Hall Green fly-tipping incident costs man his van
A Tipton man who was linked to a fly-tipping case in Hall Green earlier this year has been ordered to pay £3,620 and to forfeit his van by Birmingham Magistrates’ Court.
The van of George Anderson, aged 24, of Fisher Street was used during an incident in which a metal cabinet was dumped on Scribers Lane on May 27 of this year.
A Birmingham City Council CCTV camera deployed at the location to capture such fly-tipping filmed the incident.
Anderson claimed his brother was filmed dumping the cabinet in the CCTV footage.
But Anderson himself was convicted based upon him being a person who controls or is in a position to control the use of the vehicle used in the commission of the offence
That means he was thereby treated as knowingly causing the waste to be deposited whether or not he gave any instructions for this to be done.
Officers from the council’s Waste Enforcement Unit attended Anderson’s address on June 26 and seized the vehicle as part of their enquiries, with the court confirming during the hearing on Friday (October 19) that the council could keep the vehicle.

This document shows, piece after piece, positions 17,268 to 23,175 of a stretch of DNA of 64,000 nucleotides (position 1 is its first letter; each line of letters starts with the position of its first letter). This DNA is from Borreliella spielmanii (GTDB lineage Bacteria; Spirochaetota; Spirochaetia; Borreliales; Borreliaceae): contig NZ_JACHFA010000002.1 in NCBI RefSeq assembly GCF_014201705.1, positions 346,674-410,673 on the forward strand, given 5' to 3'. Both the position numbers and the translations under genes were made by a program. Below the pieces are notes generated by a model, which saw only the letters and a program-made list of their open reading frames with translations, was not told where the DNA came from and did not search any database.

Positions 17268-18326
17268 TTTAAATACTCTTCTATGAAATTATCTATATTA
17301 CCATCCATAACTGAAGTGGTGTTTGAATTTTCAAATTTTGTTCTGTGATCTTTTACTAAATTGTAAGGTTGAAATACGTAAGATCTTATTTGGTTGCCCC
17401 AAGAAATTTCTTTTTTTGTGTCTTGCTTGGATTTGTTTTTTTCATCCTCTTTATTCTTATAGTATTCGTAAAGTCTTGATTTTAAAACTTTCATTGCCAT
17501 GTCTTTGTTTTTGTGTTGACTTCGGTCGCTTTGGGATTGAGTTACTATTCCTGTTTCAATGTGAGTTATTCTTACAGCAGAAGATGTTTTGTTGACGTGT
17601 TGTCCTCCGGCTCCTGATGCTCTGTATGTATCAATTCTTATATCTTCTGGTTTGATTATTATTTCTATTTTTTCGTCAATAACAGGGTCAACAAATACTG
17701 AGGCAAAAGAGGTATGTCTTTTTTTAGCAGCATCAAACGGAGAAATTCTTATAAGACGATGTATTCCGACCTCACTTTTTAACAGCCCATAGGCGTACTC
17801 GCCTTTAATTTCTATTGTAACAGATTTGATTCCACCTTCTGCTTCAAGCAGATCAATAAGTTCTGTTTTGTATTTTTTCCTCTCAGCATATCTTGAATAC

It will now be assessed to decide whether it can be put to use for the benefit of the community/taxpayer, sold to help fund services or crushed if of no economic benefit.
Anderson was fined £180 and made to pay £3,440 costs in addition to forfeiture of the vehicle to help prevent any such future offences.
Previously he was convicted for waste-related offences in November 2016 and December 2017 - and as a result of this latest prosecution, had 150 hours added to an existing order to carry out unpaid community work.
Cllr Majid Mahmood, Cabinet Member for Clean Streets, Waste and Recycling, said: “Whether it is one bag of rubbish, a fridge or the contents of a house clearance, any fly-tipping in this city is completely unacceptable. The council will not tolerate this as it knows the top priority for citizens is clean streets. When cases are reported, we investigate – and when evidence is available, we prosecute.
“This case sends out a clear message that we do investigate fly-tipping and we will prosecute whenever we have evidence. If you fly-tip and are caught - and the likelihood is that you will - the consequences mean it is simply not worth the risk.
“I thank the members of the Waste Enforcement Team involved with this case. Their job is not easy and they are doing everything they can to deliver on the top priority for Birmingham – clean streets.”
Anyone with any information on cases of fly-tipping can report details via www.birmingham.gov.uk/flytipping